TBA Law Blog

Posted by: Donald Paine on Jul 24, 2009

Journal Issue Date: Aug 2009

Journal Name: August 2009 - Vol. 45, No. 8

We have more than two. They begin at Tenn. Code Ann.  §20-2-201 (dating back to 1887) and include the 1932 nonresident motorist statute ( §20-2-203). But herein we'll compare the two laws most frequently referred to as "long-arm" statutes.

In 1965 the General Assembly enacted the initial version of Tenn. Code Ann.  § §20-2-214 through 219. An important amendment in 1972 is codified as  §20-2-214(a)(6), subjecting defendants outside Tennessee to lawsuits filed here on "any basis not inconsistent with the constitution of this state or of the United States."

Specific grounds listed in the 1965 statute are as follows:

  1. transaction of business here,
  2. tort here,
  3. ownership or possession of property here,
  4. insuring a risk located here, and
  5. contracting for services or materials to be furnished here.

Added later was  §20-2-214(a)(7), giving Tennessee jurisdiction over divorce suit issues where the couple lived here and one spouse stayed here.

The reach of the arm is very long. See two opinions I critiqued in the May/June 1992 issue of the Tennessee Bar Journal: Davenport v. State Farm Mutual Automobile Insurance Company, 756 S.W.2d 678 (Tenn. 1988), and Walker v. Nationwide Insurance Company, 813 S.W.2d 135 (Tenn. App. 1990). Professor Pivnick writes that these precedents support a general jurisdiction theory. For an expansive specific jurisdiction holding, see J. I. Case Corporation v. Williams, 832 S.W.2d 530 (Tenn. 1992). The courts have taken the admonition in  §20-2-219(b) ("It's the legislative intent that [this law] be given a liberal construction") and run with it.

In 1997 the General Assembly enacted another long-arm law without repealing the first. It is codified at Tenn. Code Ann.  § §20-2-221 through 225. My weekly reading of slip opinions persuades me that most judges don't rely on this version, perhaps because lawyers don't cite it. And maybe the latter don't cite it because they don't need it.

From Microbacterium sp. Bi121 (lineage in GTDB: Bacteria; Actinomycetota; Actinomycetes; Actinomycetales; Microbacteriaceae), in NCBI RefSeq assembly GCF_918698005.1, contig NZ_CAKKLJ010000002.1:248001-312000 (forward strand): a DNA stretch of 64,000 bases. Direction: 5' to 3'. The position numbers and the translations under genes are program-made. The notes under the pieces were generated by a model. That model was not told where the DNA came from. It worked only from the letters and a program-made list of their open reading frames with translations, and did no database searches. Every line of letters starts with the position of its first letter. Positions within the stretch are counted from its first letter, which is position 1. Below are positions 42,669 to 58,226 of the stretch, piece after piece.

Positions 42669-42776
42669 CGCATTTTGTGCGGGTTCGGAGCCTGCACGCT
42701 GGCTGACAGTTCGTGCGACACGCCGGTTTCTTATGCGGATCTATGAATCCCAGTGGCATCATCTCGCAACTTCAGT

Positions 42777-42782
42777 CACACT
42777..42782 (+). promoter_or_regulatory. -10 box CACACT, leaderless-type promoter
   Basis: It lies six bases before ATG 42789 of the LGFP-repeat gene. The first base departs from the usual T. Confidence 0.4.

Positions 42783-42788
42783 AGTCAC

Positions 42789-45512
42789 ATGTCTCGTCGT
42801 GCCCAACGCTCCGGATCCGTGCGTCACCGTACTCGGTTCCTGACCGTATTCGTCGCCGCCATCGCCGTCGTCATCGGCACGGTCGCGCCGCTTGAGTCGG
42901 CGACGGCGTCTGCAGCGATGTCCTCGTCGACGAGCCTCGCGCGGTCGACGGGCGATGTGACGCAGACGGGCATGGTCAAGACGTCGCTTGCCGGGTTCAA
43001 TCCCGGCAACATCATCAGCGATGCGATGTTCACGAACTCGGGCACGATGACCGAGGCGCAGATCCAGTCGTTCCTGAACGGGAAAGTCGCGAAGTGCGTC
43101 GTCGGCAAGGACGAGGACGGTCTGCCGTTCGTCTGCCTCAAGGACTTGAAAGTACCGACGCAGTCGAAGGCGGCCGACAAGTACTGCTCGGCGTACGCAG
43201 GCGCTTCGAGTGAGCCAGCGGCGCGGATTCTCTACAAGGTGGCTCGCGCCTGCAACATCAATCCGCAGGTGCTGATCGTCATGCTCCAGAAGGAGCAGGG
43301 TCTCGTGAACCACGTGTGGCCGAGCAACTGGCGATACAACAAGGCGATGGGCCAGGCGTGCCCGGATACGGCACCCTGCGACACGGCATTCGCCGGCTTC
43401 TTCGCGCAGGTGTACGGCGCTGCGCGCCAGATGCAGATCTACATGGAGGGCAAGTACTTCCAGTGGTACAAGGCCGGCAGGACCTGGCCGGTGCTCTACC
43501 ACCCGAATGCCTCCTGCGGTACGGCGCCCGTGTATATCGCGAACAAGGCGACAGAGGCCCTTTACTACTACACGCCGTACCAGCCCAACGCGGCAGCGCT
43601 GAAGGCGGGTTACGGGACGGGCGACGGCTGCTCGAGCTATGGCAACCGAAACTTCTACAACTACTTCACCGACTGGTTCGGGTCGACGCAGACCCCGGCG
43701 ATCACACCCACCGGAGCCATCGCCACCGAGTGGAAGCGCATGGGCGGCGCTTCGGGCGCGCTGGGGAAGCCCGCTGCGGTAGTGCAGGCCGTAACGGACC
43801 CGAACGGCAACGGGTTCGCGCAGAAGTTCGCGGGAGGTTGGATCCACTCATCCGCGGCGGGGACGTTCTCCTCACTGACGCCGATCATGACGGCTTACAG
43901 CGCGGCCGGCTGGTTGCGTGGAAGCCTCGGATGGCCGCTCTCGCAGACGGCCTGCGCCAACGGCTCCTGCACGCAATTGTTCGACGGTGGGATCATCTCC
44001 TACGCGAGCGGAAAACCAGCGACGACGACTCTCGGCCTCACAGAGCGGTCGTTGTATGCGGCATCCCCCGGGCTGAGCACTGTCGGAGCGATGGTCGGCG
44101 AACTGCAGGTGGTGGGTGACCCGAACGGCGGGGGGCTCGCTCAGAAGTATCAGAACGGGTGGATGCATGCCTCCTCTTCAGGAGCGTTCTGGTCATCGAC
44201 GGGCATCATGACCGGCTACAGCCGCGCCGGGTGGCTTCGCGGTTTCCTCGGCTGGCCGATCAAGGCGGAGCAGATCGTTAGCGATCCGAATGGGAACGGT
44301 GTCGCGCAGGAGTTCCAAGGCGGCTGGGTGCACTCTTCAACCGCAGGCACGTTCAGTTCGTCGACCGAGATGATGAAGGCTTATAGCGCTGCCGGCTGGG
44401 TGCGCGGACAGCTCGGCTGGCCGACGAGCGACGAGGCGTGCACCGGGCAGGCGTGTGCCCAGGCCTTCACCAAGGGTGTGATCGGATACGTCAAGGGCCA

In most respects there are no significant differences. But compare the tort bases for personal jurisdiction. The 1965 statute simply lists "any tortious act or omission within this state." The 1997 statute at  §20-2-223(a)(3) lists "causing tortious injury by an act or omission in this state." At  §20-2-223(a)(4) we find: "causing tortious injury in this state by an act or omission outside this state of the person who regularly does or solicits business, or engages in any other persistent course of conduct, or derives substantial revenue from goods used or consumed or services rendered, in this state."

What if a tortfeasor is negligent in New York and injury occurs in Tennessee? That's exactly what happened in Hanvy v. Crossman Arms Company Inc., 466 S.W.2d 214 (Tenn. 1971), a 3-2 decision. An air rifle manufactured by the Yankee corporate defendant was shipped in a "loaded and dangerous condition." The Tennessee minor plaintiff lost his left eye as a result. The majority held the defendant subject to personal jurisdiction in Tennessee under the 1965 statute.

The best approach for the practitioner is to consult both long-arm statutes when contemplating a lawsuit. And be sure to study the annotations. Godspeed.


In my June 2007 column on "Authentication Miscellany," I erred by writing that Davy Crockett researcher William Groneman III "does not have a college degree." The truth is that he graduated from Manhattan College in 1974 with a B.A. in history. I apologize to Mr. Groneman and to the readers of this journal. And I continue to believe that he is correct in concluding that the De La Peña "diary" is a forgery.

In my May 2009 article on "The Trial of Rush Strong," I erred by writing that Rush's ex-wife Bonnie Hurt Strong "married James Huffman, a U.S. Senator from Ohio." The truth is that she married George C. Maggers. She died on Feb. 2, 1942, in Washington, D.C., and was buried at Marion, Alabama. Again I apologize to you readers " and to Bonnie.

Donald F. Paine DONALD F. PAINE is a past president of the Tennessee Bar Association and is of counsel to the Knoxville firm of Paine, Tarwater, and Bickers LLP. He lectures for the Tennessee Law Institute, BAR/BRI Bar Review, Tennessee Judicial Conference, and UT College of Law. He is reporter to the Supreme Court Advisory Commission on Rules of Practice and Procedure.